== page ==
After a Fashion

Stephen discovers holiday luv and something to fit his wrist at a chain store

While you were sleeping, these guys were making magic as the dance/electronic music universe orbits Austin: (l-r) DJ/producer Sander Kleinenberg with video Guru Mark Pistoor and DJs/producers Francis Preve & Josh Gabriel
While you were sleeping, these guys were making magic as the dance/electronic music universe orbits Austin: (l-r) DJ/producer Sander Kleinenberg with video Guru Mark Pistoor and DJs/producers Francis Preve & Josh Gabriel (by Seabrook Jones/www.juicythis.com)

HOLIDAYS & DOTS I spent most of the holidays in a fur coat and pajamas. I purposely kept a slow social schedule, feeling generally run-down and being exhausted by year-end events. The economy being what it is, gift-giving was a fairly minor affair in which I struck a deal with most of my friends that we wouldn't give one another anything but love for Christmas. Everyone I knew seemed to be taking it very easy this year, and it just felt right. I didn't go overboard with Christmas decorating. In fact, I didn't do any decorations at all. On Tuesday before Christmas, I spent the night at Mark and Stephen's and had dinner with them. It was all toasty and warm in their living room, and we reminisced about the year and holidays past. The fire was crackling and our spirits were high, and I got endless entertainment from watching Stephen tend the fire without the proper fireplace tools. In a very Wilma Flintstone scenario, he was manipulating the logs and flame with what appeared to be a pitchfork and a pair of salad tongs. Endlessly entertaining, as I said, but it had never occurred to me over the past few Christmases that they didn't have the appropriate tools for managing a fire. Suddenly, I was on a mission. The next morning, Christmas Eve Eve, I made arrangements with my friend Jacki-OH to pick me up and take me to Southpark Meadows to shop for a few last-minute holiday necessities ... and fireplace tools for Stephen and Mark (despite our no-gift-giving pact). My nephew Tyler, home from basic training in South Carolina, joined us, and together the three of us negotiated the ridiculous parking lot of Southpark Meadows. We shopped here and there, finding most of what we needed (except fireplace tools). Tyler and Jacki had found what they each wanted. Smoking a cigarette outside Hobby Lobby while waiting for Jacki, I began chatting with a young woman sitting near me. She was fun and pleasant in a casual way, but I complained that Jacki was taking too long, and I was cold. "Maybe you should come get warm in my store and take a look around. Might find something you like," she offered. "Your store?" I said. "Yes, it's Dots. I'm the assistant manager." I thought to myself: "Yeah, right. It looks like the kind of place that would sell Miley Cyrus clothes." But, aloud, I said: "Dots? How charming. I'll try and drop by sometime." I was glad I hadn't blabbed about writing about fashion and retail, but this young woman was indeed an excellent representative of the store she worked for. We chatted a bit more, and she had to go back to work. Eventually, I did indeed fess up to being The Austin Chronicle's Style Avatar and promised to drop by in a few minutes. Okay. Jacki was taking too long, so I went into Dots. "Hmmm," I thought. "Not a Miley Cyrus item in the whole store. This is a good sign." Being an aficionado of flashy, fun, inexpensive trendy things, I thought at first that I was in Claire's. But Tyler, Jacki, and I had already been in Claire's, and it had nothing like this stuff. It was if we had accidentally gone into Claire's older, more sophisticated sister's room instead. Tyler didn't have much interest, so I sent him to fetch Jacki from Hobby Lobby in a hurry – she had to see this store. Holiday dresses started at $14, jewelry was $3-15, and hats, scarves, and all kinds of other accessories were just as affordable. Jacki was wild, trying on pearls the size of Betty Rubble's and a big black Audrey Hepburn hat that she had to have. I was drawn to the display of rhinestone jewelry on the wall. No, not vintage, collectible pieces, but big ol' honkin' acrylic crystals the size of Mount Fuji. I wanted them all and started layering them on my arms, fingers, and neck. I tried on these two rhinestone cuffs, but they were a bit tight on me (I am, of course, presuming that Dots' demographic does not include a large 52-year-old man with a taste for cheap jewelry). Whether the jewelry fit or not was not a problem. It was so inexpensive that I wanted to buy it anyway. But then ... then came the moment of truth. "Look, Uncle Stephen," said Tyler, who had returned to find us after our extended absence, and he pointed to a rack of jewelry marked "Plus Sized Jewelry." I very nearly fainted. Oh. My. God. It was a dream come true. Jewelry for big girls. Well, it's true that the sign in the window said they carried sizes 0-24, but I never dreamed that would include jewelry. I thought I'd faint from delight. What a Christmas dream come true! Remember that name: Dots.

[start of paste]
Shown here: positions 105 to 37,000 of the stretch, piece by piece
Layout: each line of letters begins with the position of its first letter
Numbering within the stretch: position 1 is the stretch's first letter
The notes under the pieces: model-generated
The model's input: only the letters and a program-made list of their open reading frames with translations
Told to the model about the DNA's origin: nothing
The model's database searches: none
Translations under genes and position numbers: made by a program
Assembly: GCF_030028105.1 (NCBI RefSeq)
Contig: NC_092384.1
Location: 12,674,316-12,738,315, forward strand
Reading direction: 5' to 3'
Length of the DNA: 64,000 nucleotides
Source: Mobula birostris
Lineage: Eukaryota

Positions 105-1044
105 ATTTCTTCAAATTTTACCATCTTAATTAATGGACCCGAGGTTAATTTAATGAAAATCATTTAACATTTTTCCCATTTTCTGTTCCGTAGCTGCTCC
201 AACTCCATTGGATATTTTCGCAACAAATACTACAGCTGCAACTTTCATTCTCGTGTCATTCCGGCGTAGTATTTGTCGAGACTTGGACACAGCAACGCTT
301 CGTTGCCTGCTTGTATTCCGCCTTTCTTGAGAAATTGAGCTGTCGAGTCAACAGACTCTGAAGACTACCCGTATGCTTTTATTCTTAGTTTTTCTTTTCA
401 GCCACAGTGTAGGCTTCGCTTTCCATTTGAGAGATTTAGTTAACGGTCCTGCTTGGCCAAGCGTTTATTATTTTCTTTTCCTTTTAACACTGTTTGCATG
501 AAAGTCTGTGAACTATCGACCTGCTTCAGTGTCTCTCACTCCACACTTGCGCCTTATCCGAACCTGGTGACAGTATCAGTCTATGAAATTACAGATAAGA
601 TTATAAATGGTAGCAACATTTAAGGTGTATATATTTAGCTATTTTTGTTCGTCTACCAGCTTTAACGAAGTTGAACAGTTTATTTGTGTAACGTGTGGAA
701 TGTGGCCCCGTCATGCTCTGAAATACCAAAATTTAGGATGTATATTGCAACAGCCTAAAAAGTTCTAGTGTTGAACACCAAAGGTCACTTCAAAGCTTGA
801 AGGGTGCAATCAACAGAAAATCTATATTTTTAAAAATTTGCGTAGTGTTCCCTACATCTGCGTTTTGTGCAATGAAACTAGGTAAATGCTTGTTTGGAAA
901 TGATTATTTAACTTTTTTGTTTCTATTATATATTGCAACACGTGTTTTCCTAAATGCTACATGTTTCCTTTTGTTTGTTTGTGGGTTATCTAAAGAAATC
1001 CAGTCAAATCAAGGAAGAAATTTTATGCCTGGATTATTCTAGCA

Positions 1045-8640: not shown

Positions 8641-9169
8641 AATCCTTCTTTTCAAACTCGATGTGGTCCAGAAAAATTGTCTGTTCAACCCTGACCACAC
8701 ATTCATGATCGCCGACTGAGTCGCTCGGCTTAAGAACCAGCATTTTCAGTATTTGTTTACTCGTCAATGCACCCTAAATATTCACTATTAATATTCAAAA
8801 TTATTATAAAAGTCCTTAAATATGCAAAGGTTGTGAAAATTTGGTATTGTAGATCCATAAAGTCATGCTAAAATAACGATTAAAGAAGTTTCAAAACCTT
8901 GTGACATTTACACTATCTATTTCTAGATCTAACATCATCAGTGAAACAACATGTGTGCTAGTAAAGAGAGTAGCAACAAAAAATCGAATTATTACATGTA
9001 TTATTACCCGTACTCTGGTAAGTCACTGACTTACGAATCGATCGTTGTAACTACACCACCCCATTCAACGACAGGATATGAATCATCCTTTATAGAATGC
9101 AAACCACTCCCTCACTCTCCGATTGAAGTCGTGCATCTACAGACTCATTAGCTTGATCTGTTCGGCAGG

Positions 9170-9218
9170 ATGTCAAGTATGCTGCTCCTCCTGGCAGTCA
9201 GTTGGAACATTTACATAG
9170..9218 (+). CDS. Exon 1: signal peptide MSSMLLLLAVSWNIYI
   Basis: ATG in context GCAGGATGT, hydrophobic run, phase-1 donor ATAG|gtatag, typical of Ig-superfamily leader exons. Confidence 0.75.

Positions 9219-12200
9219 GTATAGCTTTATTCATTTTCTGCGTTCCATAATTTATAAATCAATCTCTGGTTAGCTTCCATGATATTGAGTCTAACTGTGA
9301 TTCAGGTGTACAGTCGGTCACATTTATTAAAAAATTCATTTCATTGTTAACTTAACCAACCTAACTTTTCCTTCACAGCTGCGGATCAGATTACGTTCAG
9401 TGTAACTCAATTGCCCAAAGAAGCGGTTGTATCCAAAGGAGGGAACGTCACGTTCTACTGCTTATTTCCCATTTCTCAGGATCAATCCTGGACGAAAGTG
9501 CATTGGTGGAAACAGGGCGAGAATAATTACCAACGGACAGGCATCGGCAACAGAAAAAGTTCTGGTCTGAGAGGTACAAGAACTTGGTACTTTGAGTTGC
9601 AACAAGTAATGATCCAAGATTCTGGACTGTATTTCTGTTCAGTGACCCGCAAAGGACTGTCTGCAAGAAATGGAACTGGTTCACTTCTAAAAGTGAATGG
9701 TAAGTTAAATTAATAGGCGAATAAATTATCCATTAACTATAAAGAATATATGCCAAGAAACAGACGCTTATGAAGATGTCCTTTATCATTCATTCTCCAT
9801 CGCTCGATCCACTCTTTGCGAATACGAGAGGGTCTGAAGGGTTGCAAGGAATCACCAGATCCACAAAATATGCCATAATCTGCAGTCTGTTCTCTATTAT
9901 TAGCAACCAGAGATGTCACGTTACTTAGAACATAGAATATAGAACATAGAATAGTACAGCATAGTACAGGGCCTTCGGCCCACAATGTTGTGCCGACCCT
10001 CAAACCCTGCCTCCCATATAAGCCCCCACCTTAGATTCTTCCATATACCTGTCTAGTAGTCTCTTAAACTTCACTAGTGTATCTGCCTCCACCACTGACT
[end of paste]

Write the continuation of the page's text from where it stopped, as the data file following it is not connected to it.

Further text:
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KEYWORDS FOR THIS STORY

Austin style, holidays, Dots, Hobby Lobby, plus-sized jewelry, Betty Rubble, Wilma Flintstone, Tyler, Jacki-OH, Mark & Steven

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